Barry’s delight extended beyond the confines of the page, imitating the way some students beam like swaying sunflowers throughout the 60-second closed eye sessions, while others knit their brows, lower their chins and power through.

A series of self-portraits followed, with prompts designed to tap into the sort of imaginative powers that frequently seep away in adolescence—draw yourself as an animal, an astronaut, a member of a marching band, any fruit that’s not a banana…

Longer exercises involved turning random squiggles into monsters, with an extra minute granted after the timer went off to add whatever missing things the artist felt each drawing needed, then choosing one of those monsters to star in a family album of sorts.

Barry, who has, over the course of her career, filled a number of panels with hilariously out-of-touch teachers making life a hell for child characters, is audibly appreciative of her students’ efforts, frequently congratulating them for bringing something into the world that didn’t exist a few minutes prior:

This is the thing about comics! They come intact, they come all together and the most important thing you need to do is just make time to draw them, the uninterrupted time, even if it’s just 2 minutes.

Truth!

The final exercise of the day drew on some of the writing techniques Barry featured in Syllabus, with participants, quickly jotting down memories after a prompt, then choosing one  to explore more deeply, with special attention devoted to sensory recall.

To play along from home after the fact, you’ll need a couple of hours, ten or so sheets of paper, a pencil or pen (Barry favors black felt tips), and your “original digital devices” (hint: they’re attached to the ends of your arms).

Find information on how to participate in upcoming free Drawing Together sessions here.

All drawings used with the permission of participant Ayun Halliday.

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Ayun Halliday is an author, illustrator, theater maker and Chief Primatologist of the East Village Inky zine. She most recently appeared as a French Canadian bear who travels to New York City in search of food and meaning in Greg Kotis’ short film, L’Ourse.  Follow her @AyunHalliday.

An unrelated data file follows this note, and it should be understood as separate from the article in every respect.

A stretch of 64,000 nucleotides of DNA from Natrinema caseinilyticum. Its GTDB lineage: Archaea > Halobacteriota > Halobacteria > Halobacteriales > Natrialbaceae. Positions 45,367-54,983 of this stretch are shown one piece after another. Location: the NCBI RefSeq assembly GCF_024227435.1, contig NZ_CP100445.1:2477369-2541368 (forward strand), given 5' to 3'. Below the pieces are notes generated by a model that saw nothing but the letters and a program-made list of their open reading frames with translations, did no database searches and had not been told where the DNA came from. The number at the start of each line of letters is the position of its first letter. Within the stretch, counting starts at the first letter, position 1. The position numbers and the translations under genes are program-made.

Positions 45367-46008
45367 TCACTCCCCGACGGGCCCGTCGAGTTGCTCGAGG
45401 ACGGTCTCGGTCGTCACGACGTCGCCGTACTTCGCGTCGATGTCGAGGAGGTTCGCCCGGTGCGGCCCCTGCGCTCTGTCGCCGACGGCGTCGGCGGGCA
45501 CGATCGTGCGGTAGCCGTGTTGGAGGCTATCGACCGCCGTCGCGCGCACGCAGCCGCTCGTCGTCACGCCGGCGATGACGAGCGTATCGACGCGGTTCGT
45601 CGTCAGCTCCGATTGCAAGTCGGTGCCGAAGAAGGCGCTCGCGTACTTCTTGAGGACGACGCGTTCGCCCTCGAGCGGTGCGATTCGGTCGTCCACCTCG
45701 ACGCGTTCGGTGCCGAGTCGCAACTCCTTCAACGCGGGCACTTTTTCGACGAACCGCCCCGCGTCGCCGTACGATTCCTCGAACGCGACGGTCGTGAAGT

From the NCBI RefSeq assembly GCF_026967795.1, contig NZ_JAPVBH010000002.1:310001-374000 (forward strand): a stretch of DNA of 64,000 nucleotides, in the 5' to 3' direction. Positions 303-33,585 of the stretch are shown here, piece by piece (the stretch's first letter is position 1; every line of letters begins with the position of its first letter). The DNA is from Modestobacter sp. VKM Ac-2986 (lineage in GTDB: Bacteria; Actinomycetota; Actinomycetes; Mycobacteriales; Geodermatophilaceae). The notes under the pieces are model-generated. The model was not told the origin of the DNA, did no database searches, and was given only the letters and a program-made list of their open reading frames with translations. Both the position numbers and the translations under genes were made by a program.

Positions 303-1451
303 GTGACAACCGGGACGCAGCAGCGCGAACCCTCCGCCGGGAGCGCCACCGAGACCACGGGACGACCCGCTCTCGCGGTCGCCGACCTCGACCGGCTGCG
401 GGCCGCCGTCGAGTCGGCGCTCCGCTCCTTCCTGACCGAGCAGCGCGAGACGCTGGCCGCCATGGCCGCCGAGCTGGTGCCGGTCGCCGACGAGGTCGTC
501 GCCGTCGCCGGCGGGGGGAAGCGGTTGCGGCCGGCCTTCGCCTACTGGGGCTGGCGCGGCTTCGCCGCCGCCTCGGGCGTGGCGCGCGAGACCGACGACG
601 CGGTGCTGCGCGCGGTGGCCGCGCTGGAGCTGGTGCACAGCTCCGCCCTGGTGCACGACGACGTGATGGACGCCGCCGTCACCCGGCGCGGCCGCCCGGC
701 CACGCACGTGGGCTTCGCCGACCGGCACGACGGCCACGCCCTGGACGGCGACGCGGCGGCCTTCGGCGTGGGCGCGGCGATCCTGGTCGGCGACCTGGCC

Wired Co-Founder Kevin Kelly Gives 36 Lectures on Our Future World: Education, Movies, Robots, Autonomous Cars & More

Given recent events, 2019 may now seem to us like the distant past. But to those who were thinking hard about the future the year before last, nothing that has happened since has been wholly unexpected — and especially not to those who’d already been thinking hard about the future for decades. Take Kevin Kelly, co-founder of Wired magazine and writer on technology as well as a host of other subjects. It was in 2019 that state telecommunications company China Mobile commissioned him to give a series of 36 short video lectures on the “Future of X”: not the future of the internet in China and the future of India in competition with China, but a range of topics that will surely affect us all, no matter our part of the world.

Self-driving cars, virtual reality, 5G, robots: Kelly has given consideration to all these much-discussed technologies and the roles they may come to play in our lives. But the important thing about them isn’t to know what form they’ll take in the future, since by definition no one can, but to develop habits of mind that allow you to grasp as wide a variety of their possibilities as you can right now.




The future, as Kelly frames it in his talk on uncertainties, consists of “known knowns,” “known unknowns,” and “unknown unknowns.” Those last, better known as “black swans,” are events “completely unexpected by anybody” that “change the world forever.” As examples of possible black swans to come he names World War Three, the discovery of cheap fusion energy, and, yes, a pandemic.

Societal preparation for the future, to Kelly’s mind, will involve developing “a very systematic way of collecting these unknown unknowns and turning them into known unknowns.” Personal preparation for the future, according to his talk on schools and learning, will involve ceaseless acquisition and refinement of knowledge and understanding.

If we want to thrive in an uncertain future, he argues, we should “adopt a method of learning called deliberate practice, falling forward or failing forward,” in which we keep pushing ourselves into unknown intellectual territory, always remaining “newbies” at something, assisted all the while by technology.